Thanks so much for your tender recollection of your mother. What a loss at such a young age.
      And isn’t it odd how life catches us unaware – that song, that moment.
      Thank you for taking the time and care to honour your Mum and your Dad by writing your story. I’m honoured that my piece inspired you.

  4. Ailsa, I want to read your article from the weekend papers, but immediately, wanted to tell you how much I am loving Sinning Across Spain. I have almost finished it and must do so by this Thursday night for bookclub. Part of me doesn’t want to and say goodbye to you and all the angels and companions and good souls therein.
    I feel as if my own heart has been pared open with your writing. I am a sinner of long and great diversity and there would not be a camino long enough in the world to walk off all my misdemeanours.
    I, too, struggle with a long outgrown Catholicism and rote faith and yet cannot contemplate “nothing” after we are here this world. I lost my mother four years ago so your references to your dear mother and her early death is particularly poignant for me. I have children in whom I would like to instil some sense of spiritualism or life purpose and yet feel inadequate and somewhat hypocritical when I speak of God. I don’t where he/she is – especially when tragedy strikes and suffering prevails in people who have done nothing to attract it.
    I have come to rediscover many beautiful aspects of my early religion and one term you use for some of your wonderful fellow pilgrims, “sacred heart” struck me as a breathtakingly lovely way to speak of a good and kind person. I always associated it with a burning heart of Jesus, tied up with fire and pain. I never really believed we were allowed to attribute it to a human. My teacher nuns would have thought it hugely blasphemic. There’s another sin!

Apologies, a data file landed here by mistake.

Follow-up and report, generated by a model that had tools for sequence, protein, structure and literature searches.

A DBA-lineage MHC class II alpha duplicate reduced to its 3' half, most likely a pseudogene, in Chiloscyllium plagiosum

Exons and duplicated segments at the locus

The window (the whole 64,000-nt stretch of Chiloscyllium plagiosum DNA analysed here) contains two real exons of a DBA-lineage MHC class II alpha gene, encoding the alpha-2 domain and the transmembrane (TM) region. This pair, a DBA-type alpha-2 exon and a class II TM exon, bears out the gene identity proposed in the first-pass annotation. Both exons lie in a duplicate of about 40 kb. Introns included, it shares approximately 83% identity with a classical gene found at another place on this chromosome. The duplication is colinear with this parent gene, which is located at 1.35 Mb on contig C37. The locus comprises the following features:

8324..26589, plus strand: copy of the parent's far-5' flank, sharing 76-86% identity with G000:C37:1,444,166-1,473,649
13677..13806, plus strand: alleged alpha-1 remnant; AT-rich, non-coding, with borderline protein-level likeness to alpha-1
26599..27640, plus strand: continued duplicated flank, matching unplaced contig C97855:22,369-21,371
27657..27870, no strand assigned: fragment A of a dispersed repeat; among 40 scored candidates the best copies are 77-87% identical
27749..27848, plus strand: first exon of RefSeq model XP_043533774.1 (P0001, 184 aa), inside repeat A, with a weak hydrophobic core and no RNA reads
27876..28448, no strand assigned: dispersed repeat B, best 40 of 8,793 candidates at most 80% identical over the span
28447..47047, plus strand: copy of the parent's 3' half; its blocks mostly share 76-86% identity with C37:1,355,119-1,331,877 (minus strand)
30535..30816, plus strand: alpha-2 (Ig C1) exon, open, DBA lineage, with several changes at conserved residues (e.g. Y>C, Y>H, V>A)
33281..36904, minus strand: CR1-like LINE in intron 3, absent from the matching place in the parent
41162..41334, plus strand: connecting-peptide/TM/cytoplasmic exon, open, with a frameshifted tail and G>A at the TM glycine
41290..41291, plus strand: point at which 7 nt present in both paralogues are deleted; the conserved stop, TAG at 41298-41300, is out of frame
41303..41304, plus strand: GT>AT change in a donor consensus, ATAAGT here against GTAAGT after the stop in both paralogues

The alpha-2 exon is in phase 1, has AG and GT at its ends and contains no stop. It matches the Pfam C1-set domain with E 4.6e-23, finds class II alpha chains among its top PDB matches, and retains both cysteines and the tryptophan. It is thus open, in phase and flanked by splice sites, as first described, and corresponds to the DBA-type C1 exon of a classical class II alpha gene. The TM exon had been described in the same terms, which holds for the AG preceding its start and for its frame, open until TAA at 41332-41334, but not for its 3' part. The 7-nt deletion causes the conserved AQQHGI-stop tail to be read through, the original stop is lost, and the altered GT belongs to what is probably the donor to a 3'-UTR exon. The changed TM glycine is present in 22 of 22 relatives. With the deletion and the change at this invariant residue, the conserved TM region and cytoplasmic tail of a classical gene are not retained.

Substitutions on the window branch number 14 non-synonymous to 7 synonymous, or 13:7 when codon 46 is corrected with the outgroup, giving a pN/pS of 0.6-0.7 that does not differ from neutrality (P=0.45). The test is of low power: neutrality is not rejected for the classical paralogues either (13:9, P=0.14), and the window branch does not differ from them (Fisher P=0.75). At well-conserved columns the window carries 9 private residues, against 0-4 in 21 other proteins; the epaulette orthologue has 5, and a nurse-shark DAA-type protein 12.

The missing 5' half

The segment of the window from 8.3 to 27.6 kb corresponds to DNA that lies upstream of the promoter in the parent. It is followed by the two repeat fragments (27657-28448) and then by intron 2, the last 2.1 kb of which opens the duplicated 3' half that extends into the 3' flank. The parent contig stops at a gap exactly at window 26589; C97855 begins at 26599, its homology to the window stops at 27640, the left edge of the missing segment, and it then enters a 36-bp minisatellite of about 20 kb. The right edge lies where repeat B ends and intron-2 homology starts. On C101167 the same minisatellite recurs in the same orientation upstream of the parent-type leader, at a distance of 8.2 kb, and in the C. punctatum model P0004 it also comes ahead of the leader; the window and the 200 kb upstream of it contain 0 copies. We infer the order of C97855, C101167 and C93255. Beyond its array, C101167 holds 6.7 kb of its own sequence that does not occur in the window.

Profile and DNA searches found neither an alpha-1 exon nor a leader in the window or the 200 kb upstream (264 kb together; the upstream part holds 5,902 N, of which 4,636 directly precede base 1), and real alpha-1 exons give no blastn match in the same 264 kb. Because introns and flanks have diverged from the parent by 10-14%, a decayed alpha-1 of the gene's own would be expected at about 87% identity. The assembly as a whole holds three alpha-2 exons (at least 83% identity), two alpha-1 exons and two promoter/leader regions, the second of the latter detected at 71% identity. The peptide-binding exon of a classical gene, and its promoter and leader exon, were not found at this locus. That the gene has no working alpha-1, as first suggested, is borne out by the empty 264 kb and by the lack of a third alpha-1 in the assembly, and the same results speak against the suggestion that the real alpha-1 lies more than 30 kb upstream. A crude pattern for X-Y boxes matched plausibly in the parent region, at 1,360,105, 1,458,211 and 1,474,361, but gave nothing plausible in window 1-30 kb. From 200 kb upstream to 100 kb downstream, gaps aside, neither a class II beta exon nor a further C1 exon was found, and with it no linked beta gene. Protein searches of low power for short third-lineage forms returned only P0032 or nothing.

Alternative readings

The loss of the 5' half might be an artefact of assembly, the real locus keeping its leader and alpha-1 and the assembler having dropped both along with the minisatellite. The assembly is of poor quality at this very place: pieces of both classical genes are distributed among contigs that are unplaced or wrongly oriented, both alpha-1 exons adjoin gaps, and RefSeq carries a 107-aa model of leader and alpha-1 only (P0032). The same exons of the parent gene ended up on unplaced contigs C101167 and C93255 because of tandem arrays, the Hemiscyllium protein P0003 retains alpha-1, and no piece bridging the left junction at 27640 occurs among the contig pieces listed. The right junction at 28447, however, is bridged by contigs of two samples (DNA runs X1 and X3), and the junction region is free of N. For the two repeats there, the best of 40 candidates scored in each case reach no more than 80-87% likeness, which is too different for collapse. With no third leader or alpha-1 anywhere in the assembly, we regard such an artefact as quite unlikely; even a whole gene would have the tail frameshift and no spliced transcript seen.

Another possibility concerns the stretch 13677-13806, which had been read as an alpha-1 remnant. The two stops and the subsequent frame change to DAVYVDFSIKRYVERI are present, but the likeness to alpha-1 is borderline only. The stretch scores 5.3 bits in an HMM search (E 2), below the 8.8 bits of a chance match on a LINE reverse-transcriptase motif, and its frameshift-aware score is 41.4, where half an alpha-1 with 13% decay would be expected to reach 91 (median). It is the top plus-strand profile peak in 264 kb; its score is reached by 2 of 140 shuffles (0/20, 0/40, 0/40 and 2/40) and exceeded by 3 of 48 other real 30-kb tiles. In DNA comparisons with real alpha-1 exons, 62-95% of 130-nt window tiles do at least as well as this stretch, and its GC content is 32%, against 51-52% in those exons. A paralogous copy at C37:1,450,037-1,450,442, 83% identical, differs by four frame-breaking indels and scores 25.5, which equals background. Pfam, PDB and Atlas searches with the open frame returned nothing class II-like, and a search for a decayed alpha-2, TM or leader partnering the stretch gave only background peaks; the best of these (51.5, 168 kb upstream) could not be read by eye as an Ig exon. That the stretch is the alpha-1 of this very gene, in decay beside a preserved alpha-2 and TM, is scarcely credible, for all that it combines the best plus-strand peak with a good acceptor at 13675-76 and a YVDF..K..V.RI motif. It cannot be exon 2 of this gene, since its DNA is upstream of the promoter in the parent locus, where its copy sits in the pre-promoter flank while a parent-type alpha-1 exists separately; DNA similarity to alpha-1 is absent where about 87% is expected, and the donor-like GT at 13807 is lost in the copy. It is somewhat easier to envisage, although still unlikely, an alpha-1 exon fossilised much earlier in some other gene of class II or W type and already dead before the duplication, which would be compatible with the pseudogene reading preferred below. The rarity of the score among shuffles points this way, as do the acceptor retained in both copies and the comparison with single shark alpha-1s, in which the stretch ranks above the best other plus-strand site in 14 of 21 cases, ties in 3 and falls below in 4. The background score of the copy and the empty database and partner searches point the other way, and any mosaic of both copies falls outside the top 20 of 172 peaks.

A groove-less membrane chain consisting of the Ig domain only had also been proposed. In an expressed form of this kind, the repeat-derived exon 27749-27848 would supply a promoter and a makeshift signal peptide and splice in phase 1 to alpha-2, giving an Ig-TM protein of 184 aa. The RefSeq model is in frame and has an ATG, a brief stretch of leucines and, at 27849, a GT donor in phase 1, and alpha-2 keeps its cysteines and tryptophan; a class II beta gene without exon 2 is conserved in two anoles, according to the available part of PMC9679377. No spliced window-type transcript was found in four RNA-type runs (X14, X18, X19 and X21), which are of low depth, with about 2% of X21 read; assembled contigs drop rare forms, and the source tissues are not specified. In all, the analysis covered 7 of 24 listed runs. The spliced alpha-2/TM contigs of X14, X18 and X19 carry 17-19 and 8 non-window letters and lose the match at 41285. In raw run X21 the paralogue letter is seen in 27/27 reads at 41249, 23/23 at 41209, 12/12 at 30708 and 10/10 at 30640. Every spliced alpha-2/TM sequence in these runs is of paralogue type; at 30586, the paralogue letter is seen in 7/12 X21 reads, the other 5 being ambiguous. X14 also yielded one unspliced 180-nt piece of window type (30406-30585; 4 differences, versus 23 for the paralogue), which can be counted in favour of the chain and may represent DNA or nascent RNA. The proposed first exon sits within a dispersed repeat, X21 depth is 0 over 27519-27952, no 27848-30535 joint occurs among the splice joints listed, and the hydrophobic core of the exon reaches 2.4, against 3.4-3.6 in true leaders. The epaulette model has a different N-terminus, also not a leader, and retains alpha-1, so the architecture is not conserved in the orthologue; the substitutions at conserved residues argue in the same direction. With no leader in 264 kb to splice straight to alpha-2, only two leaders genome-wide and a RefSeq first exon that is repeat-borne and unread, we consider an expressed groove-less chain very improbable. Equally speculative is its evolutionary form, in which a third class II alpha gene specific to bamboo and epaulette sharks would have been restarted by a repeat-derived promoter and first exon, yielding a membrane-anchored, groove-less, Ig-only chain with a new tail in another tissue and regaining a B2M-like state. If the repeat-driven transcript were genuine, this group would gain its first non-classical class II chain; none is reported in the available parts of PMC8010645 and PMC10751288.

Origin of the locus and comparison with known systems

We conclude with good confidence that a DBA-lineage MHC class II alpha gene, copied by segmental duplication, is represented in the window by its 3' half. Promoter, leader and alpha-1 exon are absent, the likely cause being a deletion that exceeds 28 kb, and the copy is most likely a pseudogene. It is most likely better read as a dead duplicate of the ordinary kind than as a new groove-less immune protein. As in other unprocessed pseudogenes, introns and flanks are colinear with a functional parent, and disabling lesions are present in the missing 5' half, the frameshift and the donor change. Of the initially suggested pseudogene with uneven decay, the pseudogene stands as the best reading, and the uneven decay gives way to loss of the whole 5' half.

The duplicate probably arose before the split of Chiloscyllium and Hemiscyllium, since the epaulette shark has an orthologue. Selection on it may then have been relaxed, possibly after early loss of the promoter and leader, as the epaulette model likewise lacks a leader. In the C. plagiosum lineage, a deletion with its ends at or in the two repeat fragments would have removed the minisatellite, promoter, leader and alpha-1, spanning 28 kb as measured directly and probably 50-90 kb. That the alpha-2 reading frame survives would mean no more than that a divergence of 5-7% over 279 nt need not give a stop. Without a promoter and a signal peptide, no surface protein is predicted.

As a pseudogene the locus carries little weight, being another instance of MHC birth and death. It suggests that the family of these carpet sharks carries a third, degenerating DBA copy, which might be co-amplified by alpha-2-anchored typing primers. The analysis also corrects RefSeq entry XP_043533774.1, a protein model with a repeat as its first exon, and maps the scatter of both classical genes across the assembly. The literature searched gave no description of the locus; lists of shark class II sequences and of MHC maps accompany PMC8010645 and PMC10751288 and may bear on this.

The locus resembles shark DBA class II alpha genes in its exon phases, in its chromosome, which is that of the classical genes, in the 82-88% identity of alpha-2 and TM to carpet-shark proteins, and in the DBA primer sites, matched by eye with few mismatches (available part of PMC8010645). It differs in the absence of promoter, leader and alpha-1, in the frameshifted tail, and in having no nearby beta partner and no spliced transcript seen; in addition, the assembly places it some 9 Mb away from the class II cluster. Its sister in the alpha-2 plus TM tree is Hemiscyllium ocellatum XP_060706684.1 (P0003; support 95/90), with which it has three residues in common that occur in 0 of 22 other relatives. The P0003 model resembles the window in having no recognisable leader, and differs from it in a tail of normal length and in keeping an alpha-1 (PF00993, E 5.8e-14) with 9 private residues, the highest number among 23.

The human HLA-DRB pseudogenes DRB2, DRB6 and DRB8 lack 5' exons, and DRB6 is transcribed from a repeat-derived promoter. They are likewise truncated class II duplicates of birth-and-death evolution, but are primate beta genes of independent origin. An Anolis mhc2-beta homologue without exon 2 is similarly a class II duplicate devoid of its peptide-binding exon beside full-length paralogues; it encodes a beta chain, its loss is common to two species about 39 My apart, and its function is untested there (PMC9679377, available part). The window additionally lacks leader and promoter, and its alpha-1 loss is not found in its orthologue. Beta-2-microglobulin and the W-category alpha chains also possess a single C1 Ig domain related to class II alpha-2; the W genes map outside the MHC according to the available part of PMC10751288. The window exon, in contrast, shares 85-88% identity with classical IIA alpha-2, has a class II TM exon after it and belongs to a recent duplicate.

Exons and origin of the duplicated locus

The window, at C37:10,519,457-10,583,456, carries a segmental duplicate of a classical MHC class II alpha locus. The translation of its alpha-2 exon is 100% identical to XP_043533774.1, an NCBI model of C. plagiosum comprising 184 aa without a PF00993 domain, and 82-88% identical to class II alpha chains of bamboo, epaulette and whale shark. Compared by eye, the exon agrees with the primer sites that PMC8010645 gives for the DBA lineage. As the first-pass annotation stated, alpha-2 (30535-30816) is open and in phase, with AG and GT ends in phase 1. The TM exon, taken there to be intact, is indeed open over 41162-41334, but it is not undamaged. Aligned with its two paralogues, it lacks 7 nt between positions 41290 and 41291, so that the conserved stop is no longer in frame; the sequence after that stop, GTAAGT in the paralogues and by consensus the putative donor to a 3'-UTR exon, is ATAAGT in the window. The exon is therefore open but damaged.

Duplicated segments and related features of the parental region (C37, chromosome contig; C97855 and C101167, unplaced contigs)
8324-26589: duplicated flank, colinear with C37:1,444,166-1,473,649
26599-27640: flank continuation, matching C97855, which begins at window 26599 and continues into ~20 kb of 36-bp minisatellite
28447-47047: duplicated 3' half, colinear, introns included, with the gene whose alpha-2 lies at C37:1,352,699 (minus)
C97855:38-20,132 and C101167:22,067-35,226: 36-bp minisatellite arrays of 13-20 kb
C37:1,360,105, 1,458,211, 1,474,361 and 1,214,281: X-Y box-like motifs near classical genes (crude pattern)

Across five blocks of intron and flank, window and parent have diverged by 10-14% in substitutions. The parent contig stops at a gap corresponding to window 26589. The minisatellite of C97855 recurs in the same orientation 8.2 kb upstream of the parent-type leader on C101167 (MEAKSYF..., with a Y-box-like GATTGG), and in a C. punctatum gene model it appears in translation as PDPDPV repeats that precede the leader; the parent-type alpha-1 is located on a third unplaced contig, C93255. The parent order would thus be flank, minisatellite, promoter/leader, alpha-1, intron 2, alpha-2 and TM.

So much more I want to unpick with you about this book.
    Will have to delay it for another post.
    Bless you.

    1. Dear Julie,
      Gracias! What a rich and layered response. Thanks. I understand something of that push me pull you feeling about religion and spirituality. It’s hard when we were told to expect meaning. But it seems to me that without knowing you, your garden must be one way in which you make meaning and spirit – for self and for others
      You certainly do it by offering responses like that one.
      I wish I could hear how your book group conversation goes. I’m sure others will feel differently so there will be rich discussion.
      May your road continue to rise up for you. X